Audio Visual Technology Past, Present and Future


By Michael Grohs, Contributing Editor

Court technology and audio/visual presentation has reached nearly sci-fi standards. Inmates can be arraigned from jail. Witnesses can testify from almost anywhere with an Internet connection. Evidence can be displayed not only on high definition screens but in 3D holograms. Even in 1992’s My Cousin Vinnie, which was a mere 25 years ago, Joe Pesci’s character has to walk out of the courtroom to use a payphone to access evidence crucial to the case. Now the entire caseload would be in his phone. Most likely, few people at the time predicted that evolution.

In July 2017, information powerhouse Thomson Reuters released a White Paper called The Future of the Courts in which they examined what courts will look like in 20 years. Considering how far technology has advanced in the past 25 years, the next 20 might seem nearly incalculable. After seeking insight from in the U.S. and abroad, “We were struck both by the variety of progress we saw in modernization, and by the commonality of themes. Across this broad geographic spread, the same questions concern the judge, the court clerk and the legal professional.” They forecast converging trends and opportunities in “digitization, virtualization, and the challenges of a data-driven world.” Most of all, they see “increasing demands on people: tomorrow’s judges and their colleagues in the administration of justice will need a new approach to strategy, more empowered decision-making in the new digital world, and most of all the adaptability and agility to lead a court system that keeps pace with the rapidly changing demands of society.”  The opportunities seem endless. There are also concerns. Potential challenges in the evolving technological ecosystem include budget constraints, performance expectations, the need for expediency, the fact that one size does not fit all, and an evolving society and legislature.

Where AV Fits Into the Picture of the Future
Part of that future will involve AV technology. This field alone comes with it considerations such as compatibility, technological evolution, and even placement in the courtroom. As Ted Brooks of Litigation-Tech, LLC, a San Francisco- and Los Angeles-based company that assists courts in upgrading and adopting technology points out, “A 60-inch screen may look massive in a living room, but in a courtroom it’s a postage stamp.”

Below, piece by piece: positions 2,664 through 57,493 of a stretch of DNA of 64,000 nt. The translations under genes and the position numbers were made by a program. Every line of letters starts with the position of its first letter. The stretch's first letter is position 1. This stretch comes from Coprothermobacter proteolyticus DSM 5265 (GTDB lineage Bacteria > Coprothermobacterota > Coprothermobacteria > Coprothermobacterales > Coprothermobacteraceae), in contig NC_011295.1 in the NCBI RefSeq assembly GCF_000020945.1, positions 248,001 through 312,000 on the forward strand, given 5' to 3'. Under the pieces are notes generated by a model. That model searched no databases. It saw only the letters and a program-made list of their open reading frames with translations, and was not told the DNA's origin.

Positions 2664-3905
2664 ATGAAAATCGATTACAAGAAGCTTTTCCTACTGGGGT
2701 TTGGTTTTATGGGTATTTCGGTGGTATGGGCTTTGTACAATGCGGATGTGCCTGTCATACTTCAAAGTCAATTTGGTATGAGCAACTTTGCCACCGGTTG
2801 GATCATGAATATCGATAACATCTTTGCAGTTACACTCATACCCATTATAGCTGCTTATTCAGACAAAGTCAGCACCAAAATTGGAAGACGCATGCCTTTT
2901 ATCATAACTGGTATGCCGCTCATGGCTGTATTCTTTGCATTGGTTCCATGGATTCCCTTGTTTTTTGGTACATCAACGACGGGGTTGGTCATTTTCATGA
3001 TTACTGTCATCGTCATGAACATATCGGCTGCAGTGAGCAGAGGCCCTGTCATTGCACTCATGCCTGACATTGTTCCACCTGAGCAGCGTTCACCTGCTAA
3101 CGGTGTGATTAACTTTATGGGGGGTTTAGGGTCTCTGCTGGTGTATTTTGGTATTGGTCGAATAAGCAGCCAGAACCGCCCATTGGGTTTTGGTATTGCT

James R. Holland, II, Esquire told Mike Smith, Court Technology Officer 4th Judicial Circuit, Florida, "You cannot turn on a television or computer without being fully aware that we are squarely in the digital age.  Audiences require information conveyed quickly, clearly and vividly.  Today's jurors have the same expectations.  The current and evolving SMART boards and supporting systems in the Duval County Courthouse meet these modern expectations.  Whether it’s computer animations, DVD, or going full on whiteboard and annotating on a high definition screen, a lawyer has at his or her disposal every conceivable communication tool.  Best of all the courthouse staff is willing to pre-train in the technology in simple terms that will accommodate even the most technologically impaired."

More technology means more things to consider. Says Smith, their AV system incorporates 24-inch monitors located throughout the courtrooms. Several are located in the jury rail, and they are also present on the attorney tables, witness stand, for the court reporter and on the bench. The carts and Smart boards are options for the attorneys. The same technology used to hear the evidence is also used for the ADA headsets. “Budget savings can be realized by using one system to accommodate several needs.”